.NET Memory Profiler API Examples

The .NET Memory Profiler API allows you to automatically detect memory leaks and control the profiler from within the profiled process.

Potential memory leaks are detected by applying assertions to the code that should be tested. There are three ways of applying the assertions:

If the memory assertion fails, a dialog will be shown by the profiler. This dialog will present information about the failed assertion and allow you to decide on actions to perform.


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Memory Assertion Examples

Below are three examples of how memory assertions can be performed. All three examples perform the same memory assertion, with different approaches. Even though the AssertionsDefinition approach is a bit more verbose, it is recommended over the old-style assertions, since it provides much more flexibility and more assertions, like MaxNewInstances, MaxInstances, and MaxNewBytes.

Detect Memory Leaks using the old-style Assertions

The code below shows how memory assertions can be used to detect whether new instances have unintentionally been created by an action. The action in this case is to show a dialog, and that action should not result in any new System.ComponentModel.Component instances.

void ShowSomeDialog()
{
  // Establish a base snapshot
  MemProfiler.FastSnapShot();

  using( SomeDialog dlg = new SomeDialog() )
  {
    dlg.ShowDialog();
  }

  // Assert that no new Component instances have been
  // created. The FastSnapshot collected at the
  // beginning of the method will be used as
  // reference.
  MemAssertion.NoNewInstances( typeof(Component), true );
}

 

Detect Memory Leaks using AssertionsDefinition

The code below shows how the AssertionsDefinition class can be used to detect whether new instances have unintentionally been created by an action. The action in this case is to show a dialog, and that action should not result in any new System.ComponentModel.Component instances.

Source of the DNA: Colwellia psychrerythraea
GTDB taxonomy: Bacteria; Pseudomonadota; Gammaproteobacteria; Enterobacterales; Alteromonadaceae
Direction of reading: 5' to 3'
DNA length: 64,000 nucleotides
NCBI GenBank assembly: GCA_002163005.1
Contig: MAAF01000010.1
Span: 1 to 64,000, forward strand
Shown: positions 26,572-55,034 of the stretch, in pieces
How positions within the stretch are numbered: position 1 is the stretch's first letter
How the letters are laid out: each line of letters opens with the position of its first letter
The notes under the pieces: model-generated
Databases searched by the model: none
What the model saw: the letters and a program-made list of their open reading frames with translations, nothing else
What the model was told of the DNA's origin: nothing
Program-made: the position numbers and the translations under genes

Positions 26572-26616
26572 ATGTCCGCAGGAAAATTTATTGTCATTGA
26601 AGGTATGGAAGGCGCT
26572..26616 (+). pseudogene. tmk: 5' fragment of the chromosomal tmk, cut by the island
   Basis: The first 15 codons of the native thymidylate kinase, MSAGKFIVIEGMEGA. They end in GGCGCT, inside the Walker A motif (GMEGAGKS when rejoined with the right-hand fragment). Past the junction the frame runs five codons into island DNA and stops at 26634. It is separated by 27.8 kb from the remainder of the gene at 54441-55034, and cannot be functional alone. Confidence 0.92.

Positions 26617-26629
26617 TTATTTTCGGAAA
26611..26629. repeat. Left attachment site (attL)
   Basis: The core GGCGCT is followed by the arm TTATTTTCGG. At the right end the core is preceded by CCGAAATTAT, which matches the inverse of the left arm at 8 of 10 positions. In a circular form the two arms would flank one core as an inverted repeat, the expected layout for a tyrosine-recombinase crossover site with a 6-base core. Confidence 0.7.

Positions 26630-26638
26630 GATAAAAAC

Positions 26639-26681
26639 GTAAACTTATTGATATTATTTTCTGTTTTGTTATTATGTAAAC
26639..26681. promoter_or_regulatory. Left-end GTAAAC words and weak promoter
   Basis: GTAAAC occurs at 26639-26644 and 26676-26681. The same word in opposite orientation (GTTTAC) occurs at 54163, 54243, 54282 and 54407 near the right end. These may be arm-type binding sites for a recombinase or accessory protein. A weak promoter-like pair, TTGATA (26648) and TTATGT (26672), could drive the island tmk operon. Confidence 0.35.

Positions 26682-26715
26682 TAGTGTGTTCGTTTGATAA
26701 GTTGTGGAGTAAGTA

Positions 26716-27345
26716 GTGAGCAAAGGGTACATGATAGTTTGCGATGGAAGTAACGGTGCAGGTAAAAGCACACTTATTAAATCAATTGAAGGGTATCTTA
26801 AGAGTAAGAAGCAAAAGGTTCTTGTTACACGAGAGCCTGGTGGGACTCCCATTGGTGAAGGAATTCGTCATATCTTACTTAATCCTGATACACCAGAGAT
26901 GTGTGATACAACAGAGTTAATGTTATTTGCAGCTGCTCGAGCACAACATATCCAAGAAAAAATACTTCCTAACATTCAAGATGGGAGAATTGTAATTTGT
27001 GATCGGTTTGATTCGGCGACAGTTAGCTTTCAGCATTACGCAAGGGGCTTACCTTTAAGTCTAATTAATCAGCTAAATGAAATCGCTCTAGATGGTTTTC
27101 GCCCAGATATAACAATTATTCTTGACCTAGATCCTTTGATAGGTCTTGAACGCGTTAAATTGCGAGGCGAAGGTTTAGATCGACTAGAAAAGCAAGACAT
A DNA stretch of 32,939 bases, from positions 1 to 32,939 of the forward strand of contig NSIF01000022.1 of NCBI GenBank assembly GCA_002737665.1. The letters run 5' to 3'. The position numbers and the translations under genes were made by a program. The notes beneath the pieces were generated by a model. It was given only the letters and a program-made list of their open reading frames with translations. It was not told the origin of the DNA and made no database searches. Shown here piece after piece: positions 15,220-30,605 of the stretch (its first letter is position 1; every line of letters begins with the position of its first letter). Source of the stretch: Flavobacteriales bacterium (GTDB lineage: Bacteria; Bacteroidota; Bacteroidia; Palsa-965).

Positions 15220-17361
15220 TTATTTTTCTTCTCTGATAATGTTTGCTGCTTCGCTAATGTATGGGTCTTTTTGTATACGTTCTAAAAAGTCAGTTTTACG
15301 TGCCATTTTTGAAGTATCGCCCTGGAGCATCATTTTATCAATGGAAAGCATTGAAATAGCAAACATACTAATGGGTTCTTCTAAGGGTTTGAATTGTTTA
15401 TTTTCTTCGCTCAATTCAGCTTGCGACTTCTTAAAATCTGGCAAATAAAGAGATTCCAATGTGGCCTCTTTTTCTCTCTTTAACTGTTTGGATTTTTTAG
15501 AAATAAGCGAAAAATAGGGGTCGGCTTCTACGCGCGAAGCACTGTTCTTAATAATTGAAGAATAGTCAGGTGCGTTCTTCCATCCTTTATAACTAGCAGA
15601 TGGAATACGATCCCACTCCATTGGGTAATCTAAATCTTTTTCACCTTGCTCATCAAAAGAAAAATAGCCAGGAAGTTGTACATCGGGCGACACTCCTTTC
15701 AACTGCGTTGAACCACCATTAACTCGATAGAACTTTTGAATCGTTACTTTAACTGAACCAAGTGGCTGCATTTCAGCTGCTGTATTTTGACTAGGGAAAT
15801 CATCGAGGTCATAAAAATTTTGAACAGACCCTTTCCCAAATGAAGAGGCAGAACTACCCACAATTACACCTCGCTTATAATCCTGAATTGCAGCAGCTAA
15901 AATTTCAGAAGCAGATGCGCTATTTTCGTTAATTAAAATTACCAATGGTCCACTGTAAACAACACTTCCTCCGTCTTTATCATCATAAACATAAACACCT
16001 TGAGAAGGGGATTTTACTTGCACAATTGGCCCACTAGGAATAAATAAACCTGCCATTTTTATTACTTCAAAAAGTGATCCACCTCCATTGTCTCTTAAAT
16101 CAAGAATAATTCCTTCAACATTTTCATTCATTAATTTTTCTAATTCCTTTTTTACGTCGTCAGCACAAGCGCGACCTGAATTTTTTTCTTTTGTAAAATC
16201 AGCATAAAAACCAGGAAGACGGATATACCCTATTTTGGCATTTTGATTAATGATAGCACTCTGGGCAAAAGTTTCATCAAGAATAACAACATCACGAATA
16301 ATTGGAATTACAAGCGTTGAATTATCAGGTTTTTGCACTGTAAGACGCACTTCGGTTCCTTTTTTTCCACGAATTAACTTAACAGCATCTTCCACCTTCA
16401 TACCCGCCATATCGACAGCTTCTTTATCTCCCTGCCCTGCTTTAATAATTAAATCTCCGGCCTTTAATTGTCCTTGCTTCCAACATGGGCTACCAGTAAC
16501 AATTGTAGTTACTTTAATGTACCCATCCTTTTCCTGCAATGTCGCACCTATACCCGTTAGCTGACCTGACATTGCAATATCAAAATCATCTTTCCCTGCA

void ShowSomeDialog()
{
  // Establish a base snapshot
  MemProfiler.FastSnapShot();

  using( SomeDialog dlg = new SomeDialog() )
  {
    dlg.ShowDialog();
  }

  // Assert that no new Component instances have been
  // created. The FastSnapshot collected at the
  // beginning of the method will be used as
  // reference.
  using( MemAssertion.BeginAssertions() )
  {
    AssertionsDefinition ad = new AssertionsDefinition();
    ad.NoNewInstances( typeof( Component ), true );

    MemAssertion.Assert( ad );
  }
}

 

Detect Memory Leaks using Attributes

The code below shows how an assertion attribute can be used to detect whether new instances have unintentionally been created by a method. In this example we have method that shows a dialog and closes it. After this method has been executed, no new instances of System.ComponentModel.Component should exist. This is declared by applying the NoNewInstances attribute to the method.

[NoNewInstances(typeof( Component ), IncludeSubclasses = true )]
void ShowSomeDialog()
{
  using( SomeDialog dlg = new SomeDialog() )
  {
    dlg.ShowDialog();
  }
}

 

Unit Testing

It is also possible to use the API together with a unit testing framework, like NUnit. All memory assertion methods return a boolean value, indicating whether the assertion was successful. This value can be used as argument to a unit testing assertion:

[Test]
void TestShowDialog()
{
   MemProfiler.FastSnapshot();

   ShowDialog();
      
   Assert.IsTrue( MemAssertion.NoNewInstances(...) );
}

By using command line arguments to the profiler, the profiler can run without any user interaction, allowing completely automated testing of memory leaks.